## Introduction

Roughness usually increases the turbulent production and thus the momentum transport on aerodynamic surfaces. For an engine system, the higher momentum transport results in lower power output and poorer efficiency. For the quantitative prediction of the flow over real surfaces, various roughness properties such as the anisotropy and the magnitude of the deviation from the ideal shape must be taken into account. The equivalent sand grain roughness ks, introduced by Nikuradse (1933), establishes a relationship between surface geometry and its influence on the flow. According to this model, each isotropic roughness can be represented by a surface consisting of spheres in the densest possible arrangement, which exerts a similar influence on the flow. With the help of pipe flow experiments, Moody (1944) developed the Moody diagram, which describes an empirical relationship between the coefficient of friction ^{+} < 5 as negligible. However, Schultz and Flack (2007) showed that surfaces with ks^{+} < 5 also cause a shift in the velocity profile. Sigal and Danberg (1990) introduced the shape and density parameter^{+} < 20. For predominantly isotropic surfaces, the flow influence can be modeled using this extended sand grain roughness. Loss effects of strongly anisotropic roughness, such as an increase in turbulent dissipation rate, do not follow the predictions (Kurth et al., 2018).

Real surfaces which are worn in operation generally consist of anisotropic and isotropic structures (Gilge et al., 2019), which is why a surface parameter that can quantify the loss effects for such surfaces is crucial. To increase the understanding of the interactions between anisotropic and isotropic roughness elements, channel flows over rough surfaces with anisotropic and isotropic roughness components are simulated by means of DNS. To evaluate the interactions between the roughness structures, anisotropic and isotropic roughness components are first simulated separately and then superimposed. The directional dependence of the anisotropic components is taken into account by changing the angle of attack (AoA). The AoA is the relative angle between the flow direction and the preferred orientation of anisotropic roughness and corresponds to

resulting in a constant force driving the flow. Thus, flow losses are observed in the mass flow and turbulent quantities, such as dissipation and production.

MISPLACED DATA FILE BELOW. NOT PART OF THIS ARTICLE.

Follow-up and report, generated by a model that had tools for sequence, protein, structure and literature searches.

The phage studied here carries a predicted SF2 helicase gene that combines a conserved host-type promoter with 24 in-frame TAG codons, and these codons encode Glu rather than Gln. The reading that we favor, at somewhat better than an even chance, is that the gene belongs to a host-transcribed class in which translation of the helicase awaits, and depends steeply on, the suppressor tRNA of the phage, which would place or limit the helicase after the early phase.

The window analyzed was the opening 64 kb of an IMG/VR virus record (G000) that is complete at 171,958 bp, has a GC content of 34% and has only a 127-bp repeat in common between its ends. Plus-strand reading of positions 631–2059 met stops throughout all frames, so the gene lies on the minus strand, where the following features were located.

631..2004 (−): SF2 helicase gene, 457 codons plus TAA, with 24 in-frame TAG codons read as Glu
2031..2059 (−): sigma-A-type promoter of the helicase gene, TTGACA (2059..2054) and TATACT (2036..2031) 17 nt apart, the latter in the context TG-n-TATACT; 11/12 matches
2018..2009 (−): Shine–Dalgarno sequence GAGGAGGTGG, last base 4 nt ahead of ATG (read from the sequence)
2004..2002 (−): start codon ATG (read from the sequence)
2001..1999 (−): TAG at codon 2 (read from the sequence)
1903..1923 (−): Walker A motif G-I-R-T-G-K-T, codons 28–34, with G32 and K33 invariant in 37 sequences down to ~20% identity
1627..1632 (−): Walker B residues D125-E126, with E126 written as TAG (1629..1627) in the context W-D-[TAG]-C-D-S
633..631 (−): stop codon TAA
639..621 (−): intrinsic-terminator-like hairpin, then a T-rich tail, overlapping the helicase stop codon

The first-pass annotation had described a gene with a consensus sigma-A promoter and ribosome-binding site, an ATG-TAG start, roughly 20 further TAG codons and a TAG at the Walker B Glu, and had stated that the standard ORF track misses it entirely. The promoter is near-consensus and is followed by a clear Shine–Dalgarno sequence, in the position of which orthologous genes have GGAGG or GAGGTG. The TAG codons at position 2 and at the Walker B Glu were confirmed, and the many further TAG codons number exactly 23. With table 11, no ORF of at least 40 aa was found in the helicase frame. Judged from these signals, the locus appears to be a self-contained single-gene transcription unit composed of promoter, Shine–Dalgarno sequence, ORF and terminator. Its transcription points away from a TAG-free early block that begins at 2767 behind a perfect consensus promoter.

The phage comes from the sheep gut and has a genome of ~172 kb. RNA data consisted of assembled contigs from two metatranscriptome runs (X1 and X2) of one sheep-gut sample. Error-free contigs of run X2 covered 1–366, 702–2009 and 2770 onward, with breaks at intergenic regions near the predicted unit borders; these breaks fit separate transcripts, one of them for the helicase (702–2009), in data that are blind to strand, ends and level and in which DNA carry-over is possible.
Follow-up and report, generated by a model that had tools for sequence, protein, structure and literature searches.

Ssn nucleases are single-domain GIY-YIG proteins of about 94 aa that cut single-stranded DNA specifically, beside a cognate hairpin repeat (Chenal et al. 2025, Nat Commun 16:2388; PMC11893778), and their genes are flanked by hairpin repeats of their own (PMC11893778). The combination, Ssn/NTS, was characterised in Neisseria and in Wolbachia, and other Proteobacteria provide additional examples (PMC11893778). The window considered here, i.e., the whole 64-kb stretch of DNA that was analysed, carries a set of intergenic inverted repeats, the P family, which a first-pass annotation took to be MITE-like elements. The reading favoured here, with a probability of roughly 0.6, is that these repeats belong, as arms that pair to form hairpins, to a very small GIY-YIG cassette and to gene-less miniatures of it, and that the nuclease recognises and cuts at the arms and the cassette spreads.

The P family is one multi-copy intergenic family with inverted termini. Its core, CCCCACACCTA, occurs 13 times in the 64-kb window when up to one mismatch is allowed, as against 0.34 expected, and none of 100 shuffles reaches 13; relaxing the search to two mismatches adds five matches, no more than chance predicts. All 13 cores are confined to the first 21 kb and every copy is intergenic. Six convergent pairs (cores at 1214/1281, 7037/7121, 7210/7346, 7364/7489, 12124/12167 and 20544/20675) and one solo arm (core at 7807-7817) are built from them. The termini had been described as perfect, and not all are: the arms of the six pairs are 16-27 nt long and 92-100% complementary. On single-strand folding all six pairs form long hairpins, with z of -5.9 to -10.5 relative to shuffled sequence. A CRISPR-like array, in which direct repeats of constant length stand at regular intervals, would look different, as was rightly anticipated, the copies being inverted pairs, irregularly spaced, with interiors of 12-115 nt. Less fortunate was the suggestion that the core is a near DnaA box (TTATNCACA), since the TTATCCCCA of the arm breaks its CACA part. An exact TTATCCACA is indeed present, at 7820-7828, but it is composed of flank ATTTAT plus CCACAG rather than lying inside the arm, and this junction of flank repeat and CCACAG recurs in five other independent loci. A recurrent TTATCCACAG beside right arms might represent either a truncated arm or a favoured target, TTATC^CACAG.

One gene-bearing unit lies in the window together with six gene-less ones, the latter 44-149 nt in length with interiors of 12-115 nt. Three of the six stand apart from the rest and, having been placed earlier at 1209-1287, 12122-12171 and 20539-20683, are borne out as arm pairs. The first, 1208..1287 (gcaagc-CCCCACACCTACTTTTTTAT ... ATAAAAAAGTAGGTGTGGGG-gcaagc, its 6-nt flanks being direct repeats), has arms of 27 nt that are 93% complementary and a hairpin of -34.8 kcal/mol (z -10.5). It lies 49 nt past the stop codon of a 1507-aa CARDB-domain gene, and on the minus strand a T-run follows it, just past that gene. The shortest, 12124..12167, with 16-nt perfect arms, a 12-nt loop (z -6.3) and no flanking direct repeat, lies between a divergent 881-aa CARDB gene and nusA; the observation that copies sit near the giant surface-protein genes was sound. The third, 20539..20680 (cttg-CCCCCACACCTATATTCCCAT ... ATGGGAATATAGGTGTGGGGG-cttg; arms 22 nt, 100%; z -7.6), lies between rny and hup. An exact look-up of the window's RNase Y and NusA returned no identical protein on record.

## Governing equations

Incompressible and isothermal channel flows of Newtonian fluids are studied, and therefore the general Navier-Stokes equations are simplified to form the governing equations:

A block-structured, finite-volume solver with Immersed Boundary Method (IBM) implemented in foam-extend-4.0 for channel flows is used to solve the equations. Second-order accuracy both in time and space is achieved with Gauss linear spatial and backward temporal discretization. With the help of DNS, small-scale turbulent fluctuations are resolved in time and space without having to resort to turbulence models. In contrast to empirical measurements, calculated flow variables are available over a wide area and in the direct vicinity of the wall, so that comprehensive analyses are possible. For rough surfaces, the necessary surface-conforming mesh is associated with a disproportionately high computational effort, which is why the IBM is applied instead. The IBM approach enables simulations on Cartesian grids by dividing the grid into solid cells and fluid cells. Cell centers of solid cells are located within the overflown body and the velocities in these cells are set to zero. For the chosen IBM approach, the velocities in fluid cells which share a face with a solid cell are obtained via quadratic interpolation between the wall and neighboring fluid cells. A more detailed explanation and validation of the IBM can be found in Senturk et al. (2016). Sampling errors of time averaged velocities are calculated as in (Ries et al., 2018) and specified with error intervals in the respective figures.